Missing the Story

Illustration: Nicolas Ortega.

Five years ago, I came across an article in The New York Times about a spate of robberies in the Bronx. It was the kind of story that has been a staple in the metro sections of newspapers since there have been metro sections in newspapers, focusing on the reaction of people living in the neighborhood where robberies took place. But there was a notable wrinkle: Confronted by armed antagonists, the article sighed, many people refused to surrender their belongings, even when they had only a few dollars on them. The article tsk-tsked at community members for tempting fate. A criminologist offered a suggestion that it was “nuts for the victim to refuse.” A few dollars, readers were told, are not worth one’s life. 

The article stuck with me in part because I’d once lived nearby that area and understood the realities of crime there. But I also was struck by the ways in which the efforts of a journalist, an editor, an expert, and even neighborhood residents seemed only to further a narrative of liberal condescension, missing crucial facts about life in this place. 

Here’s what I knew: People who live in a rough neighborhood and are confronted with a demand for money are forced to make calculations that people in safer, more affluent areas rarely think about. The few dollars in their pockets may represent their only way to get to work; surrendering cash is not only an immediate loss but also one that jeopardizes a future paycheck. More crucially, people who are known to be easily victimized likely will become frequent targets, a reality that may make their neighborhood virtually unlivable. What to the journalist seemed inscrutable was, to many residents, reasonable.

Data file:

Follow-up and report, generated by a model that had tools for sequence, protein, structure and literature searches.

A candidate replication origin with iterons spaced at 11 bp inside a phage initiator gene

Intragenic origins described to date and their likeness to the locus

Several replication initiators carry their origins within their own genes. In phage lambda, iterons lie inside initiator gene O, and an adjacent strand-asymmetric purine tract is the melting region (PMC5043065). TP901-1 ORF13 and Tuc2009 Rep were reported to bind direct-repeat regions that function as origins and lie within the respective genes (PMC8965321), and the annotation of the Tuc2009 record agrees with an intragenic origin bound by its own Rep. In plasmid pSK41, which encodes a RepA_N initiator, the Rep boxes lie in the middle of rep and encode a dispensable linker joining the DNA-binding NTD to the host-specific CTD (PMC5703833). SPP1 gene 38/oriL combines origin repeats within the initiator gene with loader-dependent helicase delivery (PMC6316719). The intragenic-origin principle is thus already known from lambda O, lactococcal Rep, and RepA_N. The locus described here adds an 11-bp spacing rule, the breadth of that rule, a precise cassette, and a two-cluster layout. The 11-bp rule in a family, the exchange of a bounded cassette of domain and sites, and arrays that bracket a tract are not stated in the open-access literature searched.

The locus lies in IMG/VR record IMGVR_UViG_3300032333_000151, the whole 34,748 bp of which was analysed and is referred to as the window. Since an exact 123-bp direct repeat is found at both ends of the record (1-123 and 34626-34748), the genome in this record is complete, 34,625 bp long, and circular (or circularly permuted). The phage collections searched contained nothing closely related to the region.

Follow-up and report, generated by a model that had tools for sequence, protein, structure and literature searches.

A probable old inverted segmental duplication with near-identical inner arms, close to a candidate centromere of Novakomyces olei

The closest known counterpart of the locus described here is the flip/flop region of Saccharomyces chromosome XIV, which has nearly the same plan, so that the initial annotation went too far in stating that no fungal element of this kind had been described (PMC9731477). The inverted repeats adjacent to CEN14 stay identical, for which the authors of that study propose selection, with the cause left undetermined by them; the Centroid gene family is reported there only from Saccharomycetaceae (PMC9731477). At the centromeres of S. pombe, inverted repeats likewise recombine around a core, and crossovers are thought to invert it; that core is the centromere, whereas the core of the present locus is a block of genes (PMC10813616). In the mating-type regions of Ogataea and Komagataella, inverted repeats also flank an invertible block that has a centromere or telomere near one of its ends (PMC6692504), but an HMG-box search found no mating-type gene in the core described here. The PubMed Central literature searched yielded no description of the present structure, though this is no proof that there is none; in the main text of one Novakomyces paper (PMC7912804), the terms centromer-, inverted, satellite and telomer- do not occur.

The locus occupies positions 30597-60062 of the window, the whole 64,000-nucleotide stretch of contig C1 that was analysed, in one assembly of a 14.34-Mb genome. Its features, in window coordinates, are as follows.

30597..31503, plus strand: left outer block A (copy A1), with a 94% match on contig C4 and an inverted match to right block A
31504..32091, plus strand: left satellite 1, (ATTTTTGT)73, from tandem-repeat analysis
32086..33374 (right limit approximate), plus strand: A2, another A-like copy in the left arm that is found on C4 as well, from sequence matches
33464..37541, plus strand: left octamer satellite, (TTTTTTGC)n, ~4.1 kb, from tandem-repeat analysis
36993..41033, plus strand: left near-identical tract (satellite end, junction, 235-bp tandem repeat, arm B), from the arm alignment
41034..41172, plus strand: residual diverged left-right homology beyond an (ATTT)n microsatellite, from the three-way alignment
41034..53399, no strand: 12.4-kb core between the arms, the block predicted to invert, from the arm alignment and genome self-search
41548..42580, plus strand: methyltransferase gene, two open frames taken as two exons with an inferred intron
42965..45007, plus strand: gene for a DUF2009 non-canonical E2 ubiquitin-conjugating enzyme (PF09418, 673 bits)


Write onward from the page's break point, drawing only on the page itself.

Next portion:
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It was not lost on me that the journalist who wrote the story was white and that the neighborhood was largely black and Latinx. The article represented not simply a case of a journalist missing a story. The story, to me, spoke to the problem of what happens when the demographics of the Times—and American newspapers in general—look nothing like the demographics of the communities they cover. The people who are most likely to appear in these kinds of stories are the least likely to have a say in how those stories are told. 

Conversations around diversity in media have tended to focus on cozy niceties. “Diversity” is often partnered with the word “inclusion” in our racial vocabulary. Since the conflicts of the 1960s, it has been increasingly apparent that our political, educational, and media institutions should not appear to be monochromatically white. But appearance is not the real problem. A democratic media is.

A half-century ago, members of the Kerner Commission—an advisory board formed by President Lyndon B. Johnson in response to a series of race riots—spelled out the role of a mostly white media in failing to cover the cause of unrest. It called on news outlets across the country to diversify. In the decades since, including “diverse” perspectives in media and elsewhere has become broadly acceptable—eight out of 10 Americans view ethnic diversity as “at least somewhat important” in the workplace.